It wasn’t always artisanal mayo and strollers: New musical digs up Brooklyn’s slave-owning past

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Color Between the Lines, Via the Local's Flickr.

It’s hard to believe that Brooklyn hasn’t always been the blogging, handmade, farm-to-table, indie-band-loving, summer-outdoor-movie-watching fairytale land that it is today. Fact is Kings County had the highest proportion of slaveholders and slaves in the North, thus ranking Brooklyn high on the moral hypocrisy scale. Yet despite the borough’s unconscionable participation in the institution of slavery, Brooklyn was also home to some of America’s most influential abolitionists.

Drawing upon historical documents from the Brooklyn Historical Society and Weeksville Heritage Center, the Irondale Ensemble is presenting “Color Between the Lines,” a musical that explores our great borough’s ideologically compromised past through a range of both real and fictional characters who fought tirelessly to end slavery. According to Irondale their musical is “the borough’s first public history project to explore the abolitionist movement in Brooklyn.”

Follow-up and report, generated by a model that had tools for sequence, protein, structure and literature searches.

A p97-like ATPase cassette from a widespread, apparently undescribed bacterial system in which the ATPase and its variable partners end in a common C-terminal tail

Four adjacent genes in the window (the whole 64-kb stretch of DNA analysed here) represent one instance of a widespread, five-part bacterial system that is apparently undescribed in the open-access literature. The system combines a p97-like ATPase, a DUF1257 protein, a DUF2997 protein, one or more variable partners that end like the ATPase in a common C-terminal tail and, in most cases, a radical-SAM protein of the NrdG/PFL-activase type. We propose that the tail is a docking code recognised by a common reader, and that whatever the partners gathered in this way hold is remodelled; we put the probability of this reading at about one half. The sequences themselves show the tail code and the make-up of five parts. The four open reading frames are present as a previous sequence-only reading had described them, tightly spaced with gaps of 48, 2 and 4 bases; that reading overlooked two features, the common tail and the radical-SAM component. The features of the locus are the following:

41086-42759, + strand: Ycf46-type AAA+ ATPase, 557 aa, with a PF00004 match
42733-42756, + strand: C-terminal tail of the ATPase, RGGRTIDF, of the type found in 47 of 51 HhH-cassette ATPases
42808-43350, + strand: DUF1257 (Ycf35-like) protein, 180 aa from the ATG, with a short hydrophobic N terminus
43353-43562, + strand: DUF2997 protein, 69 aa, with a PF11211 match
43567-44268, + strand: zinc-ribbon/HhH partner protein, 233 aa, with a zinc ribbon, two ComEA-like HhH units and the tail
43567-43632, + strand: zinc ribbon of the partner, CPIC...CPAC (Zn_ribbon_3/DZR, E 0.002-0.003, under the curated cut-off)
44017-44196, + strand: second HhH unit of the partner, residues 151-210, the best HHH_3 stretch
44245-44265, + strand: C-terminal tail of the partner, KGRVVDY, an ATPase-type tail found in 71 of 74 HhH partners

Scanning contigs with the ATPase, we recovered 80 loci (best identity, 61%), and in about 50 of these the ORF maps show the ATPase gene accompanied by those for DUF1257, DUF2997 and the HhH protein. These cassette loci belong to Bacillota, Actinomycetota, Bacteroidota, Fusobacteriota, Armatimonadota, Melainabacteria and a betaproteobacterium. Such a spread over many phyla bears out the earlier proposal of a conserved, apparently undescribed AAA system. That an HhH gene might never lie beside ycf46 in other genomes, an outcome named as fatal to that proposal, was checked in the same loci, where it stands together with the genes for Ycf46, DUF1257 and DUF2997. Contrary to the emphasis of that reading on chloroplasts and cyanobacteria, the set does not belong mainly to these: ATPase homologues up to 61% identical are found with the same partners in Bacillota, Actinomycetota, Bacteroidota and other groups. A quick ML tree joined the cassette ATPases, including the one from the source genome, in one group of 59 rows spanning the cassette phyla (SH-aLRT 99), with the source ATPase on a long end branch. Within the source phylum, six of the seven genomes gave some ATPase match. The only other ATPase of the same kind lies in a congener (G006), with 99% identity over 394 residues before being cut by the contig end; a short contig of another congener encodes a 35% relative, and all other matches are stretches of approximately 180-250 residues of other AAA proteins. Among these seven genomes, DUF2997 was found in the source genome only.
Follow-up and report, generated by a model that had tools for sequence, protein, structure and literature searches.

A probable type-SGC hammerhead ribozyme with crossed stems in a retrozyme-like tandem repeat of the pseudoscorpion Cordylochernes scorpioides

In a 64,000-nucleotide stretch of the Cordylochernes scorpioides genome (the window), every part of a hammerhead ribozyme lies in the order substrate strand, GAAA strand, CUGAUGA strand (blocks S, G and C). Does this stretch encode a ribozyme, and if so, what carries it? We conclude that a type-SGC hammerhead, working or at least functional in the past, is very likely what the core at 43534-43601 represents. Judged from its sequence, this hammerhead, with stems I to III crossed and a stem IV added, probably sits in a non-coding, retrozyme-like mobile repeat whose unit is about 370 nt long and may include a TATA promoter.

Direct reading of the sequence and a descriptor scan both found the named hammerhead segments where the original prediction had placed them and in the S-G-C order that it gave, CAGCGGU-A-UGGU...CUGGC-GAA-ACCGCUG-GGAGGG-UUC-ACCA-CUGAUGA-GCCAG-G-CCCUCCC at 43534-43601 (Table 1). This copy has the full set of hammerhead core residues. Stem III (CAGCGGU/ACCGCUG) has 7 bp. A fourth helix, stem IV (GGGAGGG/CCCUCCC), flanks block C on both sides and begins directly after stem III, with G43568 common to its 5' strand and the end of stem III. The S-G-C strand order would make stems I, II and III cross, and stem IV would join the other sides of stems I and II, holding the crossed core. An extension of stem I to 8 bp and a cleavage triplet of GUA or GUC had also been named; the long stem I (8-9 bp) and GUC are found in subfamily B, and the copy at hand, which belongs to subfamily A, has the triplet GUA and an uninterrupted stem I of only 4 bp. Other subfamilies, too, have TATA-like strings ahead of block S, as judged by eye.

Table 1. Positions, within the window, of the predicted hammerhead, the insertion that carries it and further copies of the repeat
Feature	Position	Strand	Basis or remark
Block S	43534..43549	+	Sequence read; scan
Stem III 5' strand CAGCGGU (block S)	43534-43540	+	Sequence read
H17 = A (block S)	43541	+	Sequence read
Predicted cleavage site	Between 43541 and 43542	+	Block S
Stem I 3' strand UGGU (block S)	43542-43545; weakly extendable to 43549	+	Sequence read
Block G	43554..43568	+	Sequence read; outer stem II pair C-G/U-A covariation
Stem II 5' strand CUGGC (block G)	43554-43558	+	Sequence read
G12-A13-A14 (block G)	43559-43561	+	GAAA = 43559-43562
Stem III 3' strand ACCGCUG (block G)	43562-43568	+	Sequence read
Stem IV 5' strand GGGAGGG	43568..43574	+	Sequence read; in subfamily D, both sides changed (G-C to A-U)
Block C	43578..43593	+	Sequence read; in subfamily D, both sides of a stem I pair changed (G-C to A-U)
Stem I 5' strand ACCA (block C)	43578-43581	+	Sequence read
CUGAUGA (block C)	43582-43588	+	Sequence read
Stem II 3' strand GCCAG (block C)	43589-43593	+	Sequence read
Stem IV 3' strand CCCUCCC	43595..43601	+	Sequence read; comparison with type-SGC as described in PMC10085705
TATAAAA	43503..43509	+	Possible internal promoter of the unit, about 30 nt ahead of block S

So, in the context of being better a Brooklynite and carrying on the abolitionist legacy of fighting for individual freedoms, I leave you with the same closing line Marty Markowitz used at my high school graduation to help guide us hopefully into the future, ‘May the force be with you!’

“Color Between the Lines” is running from now through May 24 at the Irondale Center, 85 South Oxford St. in Fort Greene. Tickets are available here. $10 tickets are available for Tuesday shows. Otherwise tickets will run you $35.

Irondale Center, 85 South Oxford St., now through May 24. Tickets are $10–35.

Follow Etan: @Brooklynonrye.

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